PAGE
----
Tuesday, January 10, 2012

Zelig (Woody Allen, 1983)

The last attempt to write a shorter post didn't end so well, but I'm determined to make posting more consistent and therefore more sustainable this year, so here I go again.

I watched Zelig a little over a week ago, and I think it may be one of Woody Allen's best films. I didn't think so when I first saw it, but I feel somewhat convinced upon further reflection.

I say it's one of his best because it stands out among his films as something different from almost everything else he's done (that I've seen, which is ten films in their entirety). It is proof that he's a talented director who could probably pull off anything he wanted to do if he decided to. That he's stuck with a particular style for several years at a time speaks more to his preference than his ability.

Zelig is an excellent film, and if it's not the first mockumentary, it's got to be pretty close. The humor is distinctly Allenesque, but the presentation of the story makes it drier and more subtle. More to my taste, too, perhaps. I'm entertained by a slight wink and nod as much as a good prat fall, but I think I respect the former more. You have to weave subtle humor more into the fabric of your story and give it less of the spotlight. But by doing so, you challenge your viewers more. Zelig is indeed challenging. You need to be patient with it, but your patience pays off.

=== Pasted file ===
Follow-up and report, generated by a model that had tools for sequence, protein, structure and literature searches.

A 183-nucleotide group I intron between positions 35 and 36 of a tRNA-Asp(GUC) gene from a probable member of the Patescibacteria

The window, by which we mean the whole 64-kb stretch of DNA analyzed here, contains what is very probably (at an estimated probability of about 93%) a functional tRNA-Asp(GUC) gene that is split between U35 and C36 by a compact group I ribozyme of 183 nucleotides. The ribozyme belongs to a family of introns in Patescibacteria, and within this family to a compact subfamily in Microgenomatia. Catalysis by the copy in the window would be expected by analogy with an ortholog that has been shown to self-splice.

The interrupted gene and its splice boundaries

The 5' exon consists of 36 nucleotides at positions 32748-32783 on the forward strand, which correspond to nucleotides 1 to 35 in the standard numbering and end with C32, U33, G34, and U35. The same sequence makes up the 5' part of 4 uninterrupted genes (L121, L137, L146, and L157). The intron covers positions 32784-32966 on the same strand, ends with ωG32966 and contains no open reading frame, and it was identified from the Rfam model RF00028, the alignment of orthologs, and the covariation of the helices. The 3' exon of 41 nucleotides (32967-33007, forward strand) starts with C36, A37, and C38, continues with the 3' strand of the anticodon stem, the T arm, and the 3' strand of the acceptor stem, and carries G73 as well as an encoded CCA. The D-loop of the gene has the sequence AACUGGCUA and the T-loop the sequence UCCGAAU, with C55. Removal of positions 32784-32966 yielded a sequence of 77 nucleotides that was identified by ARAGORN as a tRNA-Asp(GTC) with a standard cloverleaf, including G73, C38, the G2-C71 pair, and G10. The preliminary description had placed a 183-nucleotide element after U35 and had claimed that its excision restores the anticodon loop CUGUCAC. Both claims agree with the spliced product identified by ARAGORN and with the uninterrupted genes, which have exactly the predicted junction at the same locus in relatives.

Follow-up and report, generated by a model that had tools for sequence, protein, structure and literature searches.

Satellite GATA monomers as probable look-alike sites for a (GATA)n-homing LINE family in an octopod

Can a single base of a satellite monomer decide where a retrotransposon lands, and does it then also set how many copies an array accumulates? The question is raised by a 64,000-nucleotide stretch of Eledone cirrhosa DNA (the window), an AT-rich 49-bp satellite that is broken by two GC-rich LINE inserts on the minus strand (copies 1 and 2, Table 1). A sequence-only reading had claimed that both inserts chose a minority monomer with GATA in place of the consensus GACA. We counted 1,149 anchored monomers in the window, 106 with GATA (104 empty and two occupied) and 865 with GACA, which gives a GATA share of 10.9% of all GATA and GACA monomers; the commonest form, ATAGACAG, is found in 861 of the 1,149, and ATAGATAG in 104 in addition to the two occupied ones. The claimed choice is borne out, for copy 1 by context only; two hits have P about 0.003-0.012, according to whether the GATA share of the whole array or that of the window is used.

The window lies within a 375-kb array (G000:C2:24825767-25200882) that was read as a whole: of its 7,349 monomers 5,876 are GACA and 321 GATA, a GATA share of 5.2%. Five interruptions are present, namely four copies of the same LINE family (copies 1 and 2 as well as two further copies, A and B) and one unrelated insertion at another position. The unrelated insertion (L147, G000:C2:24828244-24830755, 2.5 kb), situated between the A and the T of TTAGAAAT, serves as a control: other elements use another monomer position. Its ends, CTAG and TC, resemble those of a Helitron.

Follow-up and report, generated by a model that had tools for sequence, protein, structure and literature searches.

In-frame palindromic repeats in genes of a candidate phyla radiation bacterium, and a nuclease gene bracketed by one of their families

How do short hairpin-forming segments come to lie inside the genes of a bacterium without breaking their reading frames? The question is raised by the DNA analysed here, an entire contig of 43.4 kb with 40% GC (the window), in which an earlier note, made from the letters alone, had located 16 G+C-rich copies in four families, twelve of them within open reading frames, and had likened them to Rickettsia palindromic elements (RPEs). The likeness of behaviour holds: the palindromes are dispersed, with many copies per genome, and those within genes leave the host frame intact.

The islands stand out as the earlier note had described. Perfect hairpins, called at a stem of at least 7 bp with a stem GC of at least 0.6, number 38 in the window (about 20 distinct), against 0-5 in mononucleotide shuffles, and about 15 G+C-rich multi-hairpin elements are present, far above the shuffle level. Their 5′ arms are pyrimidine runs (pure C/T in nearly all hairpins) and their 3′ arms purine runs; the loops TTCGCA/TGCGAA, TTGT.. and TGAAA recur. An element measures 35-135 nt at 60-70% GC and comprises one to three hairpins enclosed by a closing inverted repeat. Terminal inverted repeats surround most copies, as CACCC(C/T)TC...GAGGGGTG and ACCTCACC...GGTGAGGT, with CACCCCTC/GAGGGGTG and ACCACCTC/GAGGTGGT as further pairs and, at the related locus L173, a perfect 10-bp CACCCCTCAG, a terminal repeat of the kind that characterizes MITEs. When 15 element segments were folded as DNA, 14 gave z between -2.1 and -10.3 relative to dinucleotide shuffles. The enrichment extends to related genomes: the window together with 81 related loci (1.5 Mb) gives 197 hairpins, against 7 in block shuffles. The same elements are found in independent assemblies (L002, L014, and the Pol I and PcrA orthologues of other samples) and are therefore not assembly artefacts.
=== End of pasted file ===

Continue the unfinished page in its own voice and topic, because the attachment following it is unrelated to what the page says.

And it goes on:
I'm even more impressed to see that he made the film in between Manhattan and Hannah and Her Sisters, two films that represent what I like to think of as his neurotic, self-obsessed period. You can see him playing with similar ideas in Zelig, but the constraints of the documentary format naturally rein in those impulses. And that Allen had the discipline to honor those constraints is noteworthy indeed.

I was also tickled that it took place in the 1920's. It makes a film like Midnight in Paris (there it is again!) more meaningful, because you understand better how much of himself he's invested in the time period. MiP comes across more as a loving tribute to the characters and culture of the twenties using a silly little time-travel story as a vehicle for it, than the other way around.

My favorite part (there were many I liked very much) is the scene where Zelig shows up, after having been gone a while, as a Nazi in Germany, sitting behind the Fuhrer  himself. A Jew wrote this into his movie. That is very impressive to me. Not to mention very funny, when Zelig interrupts Hitler's Polish joke.

No comments:

Post a Comment